With a couple of wins and two-second places, Joel Winstanley-Dawson (Techsource Racing KTM) won the Syntol small wheel 85s from race one winner Lucas Lee (Husqvarna) and Ollie Truman.

Top ten results

Leatt Pro MX1:

1 Josh Gilbert (Crendon Fastrack Honda) 22 + 25 = 47

2 Conrad Mewse (Crendon Fastrack Honda) 25 + 22 = 47

3 Harri Kullas (Cab Screens Crescent Yamaha) 20 + 20 = 40

4 Ivo Monticelli (ASA United Gas Gas) 18 + 18 = 36

5 Tom Grimshaw (Chambers Racing) 16 + 15 = 31

6 James Carpenter (Cab Screens Crescent Yamaha) 14 + 14 = 28

7 John Adamson (ASA United Gas Gas) 15 + 13 = 28

8 Dan Thornhill (Chambers Racing) 13 + 10 = 23

9 Callum Green (Tru7 Honda Academy Honda) 10 + 11 = 21

10 Stuart Edmonds (S Biggs Commercials Honda) 12 + 9 = 21

Apico Pro MX2:

1 Charlie Cole (Blades Bikes Kawasaki) 18 + 25 = 43

2 Jamie Wainwright (WPH/SBE/Redline KTM) 20 + 22 = 42

3 Glen McCormick (Chambers Racing) 22 + 20 = 42

4 Carlton Husband (Phoenix EvenStrokes Kawasaki) 25 + 15 = 40

5 Charlie Hayman (Tru7 Honda Academy Honda) 16 + 16 = 32

6 Joe Brooks (GRT Impact KTM) 13 + 18 = 31

7 Calum Mitchell (Lexa MX Husqvarna) 15 + 14 = 29

8 Bailey Johnston (Verde Shiloh KTM) 11 + 13 = 24

9 Ben Franklin (Chambers Husqvarna) 12 + 12 = 24

10 Lewis Hall (Fantic) 14 + 10 = 24

RFX Expert MX1:

1 Ben Edwards (KTM) 22 + 25 + 25 + 25 = 97

2 Josh Waterman (KTM) 25 + 22 + 22 + 20 = 89

3 Jayden Ashwell (AJP Geartec Husqvarna) 18 + 20 + 20 + 16 = 74

4 Jay McCrum (Honda) 15 + 15 + 15 + 18 = 63

5 Richard Bird (Allmoto Megabikes Yamaha) 16 + 16 + 16 + 14 = 62

6 Corrie Southwood (Langmead Kawasaki) 5 + 14 + 12 = 22 = 53

7 Ryan Thomson (Drysdale MC Gas Gas) 14 + 13 + 13 + 7 = 47

8 Josh Canton (Concept CCF KTM) 13 + 9 + 11 + 13 = 46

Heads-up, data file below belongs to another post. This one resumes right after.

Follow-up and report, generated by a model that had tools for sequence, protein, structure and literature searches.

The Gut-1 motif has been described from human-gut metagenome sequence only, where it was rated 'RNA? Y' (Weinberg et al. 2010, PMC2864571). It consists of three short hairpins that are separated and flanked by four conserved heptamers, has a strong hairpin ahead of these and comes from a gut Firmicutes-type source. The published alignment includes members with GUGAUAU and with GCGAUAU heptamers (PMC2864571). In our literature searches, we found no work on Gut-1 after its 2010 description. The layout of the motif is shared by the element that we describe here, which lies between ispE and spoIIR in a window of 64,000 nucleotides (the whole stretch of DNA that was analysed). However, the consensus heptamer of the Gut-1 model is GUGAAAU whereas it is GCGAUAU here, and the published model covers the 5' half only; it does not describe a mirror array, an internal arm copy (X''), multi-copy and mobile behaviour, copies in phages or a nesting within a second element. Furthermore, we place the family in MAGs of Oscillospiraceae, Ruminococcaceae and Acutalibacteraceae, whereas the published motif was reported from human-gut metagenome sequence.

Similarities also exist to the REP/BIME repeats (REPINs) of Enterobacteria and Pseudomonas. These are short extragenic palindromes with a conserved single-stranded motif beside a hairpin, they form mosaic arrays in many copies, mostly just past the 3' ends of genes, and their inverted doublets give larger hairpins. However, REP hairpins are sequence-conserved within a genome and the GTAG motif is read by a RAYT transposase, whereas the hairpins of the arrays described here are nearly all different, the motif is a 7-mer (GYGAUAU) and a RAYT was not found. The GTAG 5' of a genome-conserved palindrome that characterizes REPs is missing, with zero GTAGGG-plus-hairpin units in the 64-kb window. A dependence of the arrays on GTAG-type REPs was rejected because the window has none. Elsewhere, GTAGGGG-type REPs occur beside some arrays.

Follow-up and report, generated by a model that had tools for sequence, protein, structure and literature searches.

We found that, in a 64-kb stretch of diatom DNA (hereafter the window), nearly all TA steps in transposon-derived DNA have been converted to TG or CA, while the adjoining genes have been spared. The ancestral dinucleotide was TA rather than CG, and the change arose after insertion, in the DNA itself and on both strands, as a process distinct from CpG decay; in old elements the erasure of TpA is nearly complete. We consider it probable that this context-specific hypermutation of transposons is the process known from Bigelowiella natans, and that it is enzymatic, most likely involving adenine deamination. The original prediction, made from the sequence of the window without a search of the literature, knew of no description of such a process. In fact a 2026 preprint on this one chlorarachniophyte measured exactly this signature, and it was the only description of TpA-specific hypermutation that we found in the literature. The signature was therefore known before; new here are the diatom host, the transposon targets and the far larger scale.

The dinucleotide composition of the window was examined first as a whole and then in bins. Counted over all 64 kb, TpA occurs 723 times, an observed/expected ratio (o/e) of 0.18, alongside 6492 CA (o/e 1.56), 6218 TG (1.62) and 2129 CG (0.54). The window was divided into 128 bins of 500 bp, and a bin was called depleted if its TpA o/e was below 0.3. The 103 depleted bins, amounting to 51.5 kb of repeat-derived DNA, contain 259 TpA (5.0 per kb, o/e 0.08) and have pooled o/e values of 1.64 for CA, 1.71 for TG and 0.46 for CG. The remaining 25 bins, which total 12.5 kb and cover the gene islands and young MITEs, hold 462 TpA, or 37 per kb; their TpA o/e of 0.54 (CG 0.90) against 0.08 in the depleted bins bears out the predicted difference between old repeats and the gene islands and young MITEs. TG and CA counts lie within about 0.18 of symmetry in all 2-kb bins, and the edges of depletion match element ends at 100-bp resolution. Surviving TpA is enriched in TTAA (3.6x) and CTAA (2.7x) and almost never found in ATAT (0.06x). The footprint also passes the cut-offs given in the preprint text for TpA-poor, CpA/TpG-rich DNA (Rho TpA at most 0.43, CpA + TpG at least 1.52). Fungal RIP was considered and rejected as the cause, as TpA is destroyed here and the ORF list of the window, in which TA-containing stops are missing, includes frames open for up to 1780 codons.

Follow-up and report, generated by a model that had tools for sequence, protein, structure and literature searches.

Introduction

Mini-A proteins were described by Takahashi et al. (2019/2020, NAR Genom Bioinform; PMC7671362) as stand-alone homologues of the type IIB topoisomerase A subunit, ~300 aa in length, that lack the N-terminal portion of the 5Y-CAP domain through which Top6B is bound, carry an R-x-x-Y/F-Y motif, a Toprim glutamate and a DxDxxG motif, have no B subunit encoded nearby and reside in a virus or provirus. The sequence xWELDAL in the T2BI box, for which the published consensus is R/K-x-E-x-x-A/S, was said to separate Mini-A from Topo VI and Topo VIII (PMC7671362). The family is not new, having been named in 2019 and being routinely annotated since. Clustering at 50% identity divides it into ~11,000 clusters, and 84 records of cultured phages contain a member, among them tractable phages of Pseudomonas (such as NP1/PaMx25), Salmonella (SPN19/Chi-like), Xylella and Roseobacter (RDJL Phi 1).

9 Josh Peters (Jim Aim KTM) 20 + 0 + 18 + 0 = 38

10 Aaron Patstone (Gas Gas) 9 + 8 + 10 + 10 = 37

RFX Expert MX2:

1 Ashley Greedy (Darjen Contractors Gas Gas) 25 + 25 + 25 + 22 = 97

2 Jimmy Margetson (Husqvarna) 15 + 20 + 15 + 25 = 75

3 Mathew Bayliss (Darjen Contractors Gas Gas) 20 + 22 + 14 + 13 = 69

4 Uldis Freibergs (Lexa MX Husqvarna) 16 + 15 + 16 + 20 = 67

5 Kieran Banks (Yamaha) 18 + 13 + 18 + 18 = 67

6 Henry Siddiqui (Husqvarna) 13 + 14 + 20 + 16 = 63

7 Josh Colman (Holeshot MX KTM) 22 + 16 + 22 + 0 = 60

8 Aaron Ongley (723 Racebikes Gas Gas) 10 + 12 + 9 + 14 = 45

9 Niall Cregan (CCM Motorcycles Husqvarna) 5 + 9 + 11 + 15 = 40

10 Callum Murfitt (Southside MMX KTM) 7 + 11 + 10 + 12 = 40

Motoverde amateur MX1:

1 Scott Elderfield (Kawasaki) 25 + 25 + 25 + 22 = 97

2 Sean Wainwright (Fasteddy Racing Honda) 20 + 18 + 20 + 25 = 83

3 Josh Greedy (Darjen Contractors Kawasaki) 22 + 20 + 18 + 20 = 80

4 Luke Mellows (Forty Four Honda) 18 + 22 + 22 + 18 = 80

5 Jamie Dixon (P&S Yamaha) 14 + 16 + 12 + 16 = 58

6 Joshua McCorkell (McCorkell Racing Husqvarna) 16 + 13 + 11 + 14 = 54

7 Ryan Osborn (Evotech KTM) 11 + 14 + 15 + 13 = 53

8 Callum Gordon (MX Revive Gas Gas) 12 + 15 + 13 + 10 = 50

9 Brad Thornhill (LMC Plant KTM) 9 + 12 + 14 + 12 = 47

10 Jacob Bowden (VMX Motocross Club KTM) 10 + 11 + 10 + 15 = 46

Motoverde amateur MX2:

1 Ben Clark (Gas Gas) 25 + 20 + 25 + 20 = 90

2 Raife Broadley (723 Race Bikes Gas Gas) 18 + 25 + 22 + 22 = 87

3 Wal Beaney (KTM) 22 + 18 + 20 + 25 = 85

4 Jayden Murphy (KTM) 16 + 22 + 16 + 18 = 72

5 Shaun Springer (Gas Gas) 20 + 16 + 18 + 16 = 70

6 Charlie Palmer (Apex Gas Gas) 14 + 15 + 13 + 15 = 57